If you know me at all, you know that I take scads of pictures. I’m no talented photographer like my sister, but if you are at the same event or outing as me, you can rest assured that my face will be behind my little old 6.1 MP digital camera*. It’s great for documenting family history, but I often find myself reflecting, as I’m snapping pictures, on the fact that having my face behind a camera so often really does take the focus (no pun intended) away from truly enjoying that moment with my family. It’s almost like I’m momentarily an outsider, looking in.

There is no greater example of this very situation than the Walt Disney World trip we took in 1997, when the boys were five and two. We were very, very excited to go for the obvious reasons, but that year was the 25th birthday of WDW, and the Cinderella Castle had been renovated for the celebration year to look like a big pink birthday cake. (Mags from Ms. Maggie Moo Talks 2 U was working there as a Disney cast member at the time…I may have met her in person back then!)

I was in the throes of my scrapbooking craze. I attended “crops” semi-regularly and thought that by the time my kids were teens, I’d have each and every photo in our collection placed in colorful books on extraordinary layouts with stickers, paper borders, and other page embellishments. Boy was I wrong. But I digress.

An idea that had come up among my scrapbooking group was to do an “A B C” scrapbook. The page layouts all correspond with each letter. When we started planning our Disney trip, I thought, “WOW! What a great idea, to do an ABC album of our vacation!”

And then my head exploded.

Alright, not really. But can you imagine what an idea like that can do to somebody like me, who is crafty, obsessive, AND a list-maker?

I started making my list ahead of the trip (of course) so I’d know what to look for. (M = Mickey, Minnie, Monorail, MGM Studios, Mexico {EPCOT}, Morocco {EPCOT}, Magic Kingdom, Mary Poppins, Main Street…) Also, there was that scavenger hunt quality to this plan; I could check things off as I took photos. This was way before I owned a digital camera, so there wasn’t any way to keep track of my photos anyway, besides writing things down.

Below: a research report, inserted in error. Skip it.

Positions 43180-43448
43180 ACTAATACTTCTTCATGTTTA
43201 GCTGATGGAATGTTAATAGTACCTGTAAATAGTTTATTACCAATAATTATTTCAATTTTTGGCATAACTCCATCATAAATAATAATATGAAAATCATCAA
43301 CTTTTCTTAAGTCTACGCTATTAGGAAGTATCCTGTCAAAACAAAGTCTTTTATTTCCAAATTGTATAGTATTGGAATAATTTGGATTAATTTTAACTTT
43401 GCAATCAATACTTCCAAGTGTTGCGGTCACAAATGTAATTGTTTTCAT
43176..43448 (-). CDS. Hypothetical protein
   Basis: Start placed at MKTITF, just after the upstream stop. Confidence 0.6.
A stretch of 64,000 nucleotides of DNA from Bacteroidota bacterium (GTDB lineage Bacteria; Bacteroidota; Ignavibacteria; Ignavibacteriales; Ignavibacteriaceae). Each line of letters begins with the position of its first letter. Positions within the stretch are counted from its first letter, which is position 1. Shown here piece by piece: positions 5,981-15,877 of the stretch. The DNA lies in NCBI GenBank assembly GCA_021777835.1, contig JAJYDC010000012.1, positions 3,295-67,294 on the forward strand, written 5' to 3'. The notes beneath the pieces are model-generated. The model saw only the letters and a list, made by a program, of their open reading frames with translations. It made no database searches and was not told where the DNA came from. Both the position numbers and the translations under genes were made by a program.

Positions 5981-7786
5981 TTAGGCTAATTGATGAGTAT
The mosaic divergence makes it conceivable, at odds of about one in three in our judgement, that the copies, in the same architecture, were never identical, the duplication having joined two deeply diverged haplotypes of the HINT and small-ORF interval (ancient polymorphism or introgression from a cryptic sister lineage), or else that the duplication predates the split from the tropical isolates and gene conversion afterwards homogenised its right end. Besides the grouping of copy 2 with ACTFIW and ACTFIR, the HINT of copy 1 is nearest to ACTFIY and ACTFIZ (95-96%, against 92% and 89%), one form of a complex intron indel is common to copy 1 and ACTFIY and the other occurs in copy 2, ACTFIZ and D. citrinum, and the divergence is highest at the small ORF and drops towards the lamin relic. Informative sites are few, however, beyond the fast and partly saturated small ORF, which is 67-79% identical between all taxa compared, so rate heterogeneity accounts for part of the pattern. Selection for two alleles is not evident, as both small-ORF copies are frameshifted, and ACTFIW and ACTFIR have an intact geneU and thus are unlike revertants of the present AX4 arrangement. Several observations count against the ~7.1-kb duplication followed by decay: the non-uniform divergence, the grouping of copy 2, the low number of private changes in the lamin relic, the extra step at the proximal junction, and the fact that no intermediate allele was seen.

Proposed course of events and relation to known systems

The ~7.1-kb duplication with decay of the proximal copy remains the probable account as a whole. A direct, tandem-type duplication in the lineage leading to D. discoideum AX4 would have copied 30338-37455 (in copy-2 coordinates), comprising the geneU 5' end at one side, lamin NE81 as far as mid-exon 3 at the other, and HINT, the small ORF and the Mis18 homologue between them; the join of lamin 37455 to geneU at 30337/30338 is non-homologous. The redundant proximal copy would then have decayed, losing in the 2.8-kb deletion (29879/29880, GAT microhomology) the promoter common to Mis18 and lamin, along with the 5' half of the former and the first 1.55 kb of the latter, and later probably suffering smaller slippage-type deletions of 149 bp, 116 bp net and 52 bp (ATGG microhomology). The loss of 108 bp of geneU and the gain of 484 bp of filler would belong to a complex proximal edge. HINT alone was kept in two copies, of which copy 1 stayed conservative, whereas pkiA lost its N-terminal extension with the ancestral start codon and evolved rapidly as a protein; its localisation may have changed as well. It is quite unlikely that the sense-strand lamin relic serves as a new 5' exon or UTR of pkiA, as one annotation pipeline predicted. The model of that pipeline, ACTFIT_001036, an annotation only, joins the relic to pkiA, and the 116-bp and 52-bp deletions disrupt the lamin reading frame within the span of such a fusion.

We finally arrived at the Magic Kingdom and boy, did we have a great time. I was snapping photos right and left. I remember when I accidentally found an Upside-down cake for my “U” page: it was SUCH a big thrill, because I didn’t have many photos for “U”.

One day, we were taking a little rest in Adventureland, right outside the Swiss Family Treehouse. I looked at Jim, who was drinking a bottle of water, and exclaimed, “Yes! Zephyrhills Water! That’ll be great for my “Z” page! And so, like the amazingly patient-with-his-obviously-clinically-insane-wife kind of man that he is, he posed with the bottle of water, label facing the camera.

Are you pitying me yet? Just wait. It gets better. And by better, I mean worse.

I know for a fact that we had fun on that trip. My pictures indicate it. Do you want to know what memory stands out in my mind (and, unfortunately, Jim’s) about that trip?